English Vocabulary – Five Pairs of Commonly Confused English Words

Commonly Confused English Words

1. Beside vs Besides

Beside (preposition): next to or at the side of someone or something 

The girl standing beside Tom is Mary. 

Besides (preposition): in addition to/apart from someone or something

Besides working as a teacher, she also writes freelance for a fashion magazine.

 

2. Principle vs Principal

Principle (noun; usually plural): a moral rule or a strong belief that influences your actions

Lucy will not lie as she has high moral principles. 

Principle (noun): a law, a rule or a theory that something is based on

The syllabus covers basic principles of accounting. 

Principal (adjective): most important; main

Tourist revenue is the country’s principal source of wealth.

Principal (noun): the person who is in charge of a school

John is the principal of Hillview High School. 

 

3. Compliment vs Complement

Compliment (noun): a remark that expresses praise or admiration of someone 

It is a great compliment to be asked to be the guest-of-honour. 

Compliments (noun; plural): polite words or good wishes, especially when used to express praise and admiration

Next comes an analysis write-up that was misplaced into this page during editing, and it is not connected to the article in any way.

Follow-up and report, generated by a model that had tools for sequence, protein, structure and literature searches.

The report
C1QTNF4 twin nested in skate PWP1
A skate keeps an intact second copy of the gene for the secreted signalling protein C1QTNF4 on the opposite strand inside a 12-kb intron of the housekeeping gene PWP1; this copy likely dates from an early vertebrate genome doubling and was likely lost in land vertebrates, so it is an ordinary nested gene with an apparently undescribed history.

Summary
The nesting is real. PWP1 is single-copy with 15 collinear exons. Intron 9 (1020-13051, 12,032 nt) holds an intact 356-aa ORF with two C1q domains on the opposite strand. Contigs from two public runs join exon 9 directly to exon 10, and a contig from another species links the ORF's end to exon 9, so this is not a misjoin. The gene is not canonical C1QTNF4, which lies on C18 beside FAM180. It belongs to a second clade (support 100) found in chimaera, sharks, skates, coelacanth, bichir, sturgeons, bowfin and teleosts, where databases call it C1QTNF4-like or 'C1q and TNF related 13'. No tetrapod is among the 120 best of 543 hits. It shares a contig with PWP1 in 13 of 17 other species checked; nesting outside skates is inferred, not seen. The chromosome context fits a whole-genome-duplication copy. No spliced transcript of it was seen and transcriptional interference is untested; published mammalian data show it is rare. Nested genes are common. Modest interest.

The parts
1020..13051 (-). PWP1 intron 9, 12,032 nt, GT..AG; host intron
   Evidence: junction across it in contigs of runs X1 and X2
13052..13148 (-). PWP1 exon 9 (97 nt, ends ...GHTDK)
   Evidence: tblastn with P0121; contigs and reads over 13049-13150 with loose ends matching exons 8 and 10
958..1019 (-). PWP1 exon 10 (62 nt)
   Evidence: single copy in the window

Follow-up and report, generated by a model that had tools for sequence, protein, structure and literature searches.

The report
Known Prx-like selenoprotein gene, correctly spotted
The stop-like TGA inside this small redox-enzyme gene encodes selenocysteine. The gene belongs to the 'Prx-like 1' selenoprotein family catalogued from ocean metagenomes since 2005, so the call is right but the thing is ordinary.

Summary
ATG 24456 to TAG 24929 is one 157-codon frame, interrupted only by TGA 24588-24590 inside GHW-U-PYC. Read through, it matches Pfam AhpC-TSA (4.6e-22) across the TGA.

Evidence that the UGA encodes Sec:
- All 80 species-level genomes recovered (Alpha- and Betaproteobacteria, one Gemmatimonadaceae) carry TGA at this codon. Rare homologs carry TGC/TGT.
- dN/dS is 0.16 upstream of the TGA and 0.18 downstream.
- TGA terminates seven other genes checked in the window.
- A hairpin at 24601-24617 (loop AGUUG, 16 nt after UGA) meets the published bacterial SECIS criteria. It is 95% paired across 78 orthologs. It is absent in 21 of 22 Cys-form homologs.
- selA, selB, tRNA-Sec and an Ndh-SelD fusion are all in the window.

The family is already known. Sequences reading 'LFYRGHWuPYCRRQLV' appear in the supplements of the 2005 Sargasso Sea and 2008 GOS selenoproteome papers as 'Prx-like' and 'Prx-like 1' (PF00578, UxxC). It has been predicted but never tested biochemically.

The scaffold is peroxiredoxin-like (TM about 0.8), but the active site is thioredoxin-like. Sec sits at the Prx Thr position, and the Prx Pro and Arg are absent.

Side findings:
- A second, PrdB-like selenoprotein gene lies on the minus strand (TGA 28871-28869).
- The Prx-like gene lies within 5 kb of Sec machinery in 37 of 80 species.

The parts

Please give my compliments to the wonderful chef.

Compliment (verb): to tell someone that you like or admire something he/she has done, etc.

He complimented Betsy on her new hairstyle.

Complement (verb): to add to something in a way that improves it or makes it more attractive

The excellent menu is complemented by a good wine list.

 

4. Access vs Assess

Access (noun): a way of entering or reaching a place

The burglars gained access through a broken window.

Access (verb): reach, enter or use something

This room can only be accessed by authorised personnel.

Assess (verb): to make a judgement about the nature or quality of someone/something

The government will assess how well the new system works.

 

5. Emigrate vs Immigrate 

Emigrate (verb): to leave your own country to go and live permanently in another country

The family left India in 1975 and emigrated to the United States.

Immigrate (verb): to come and live permanently in a country after leaving your own country

About 6.6 million people immigrated to the United States in the 1970s.

Sponge ME, English Tuition (Singapore)

Categories: English 101
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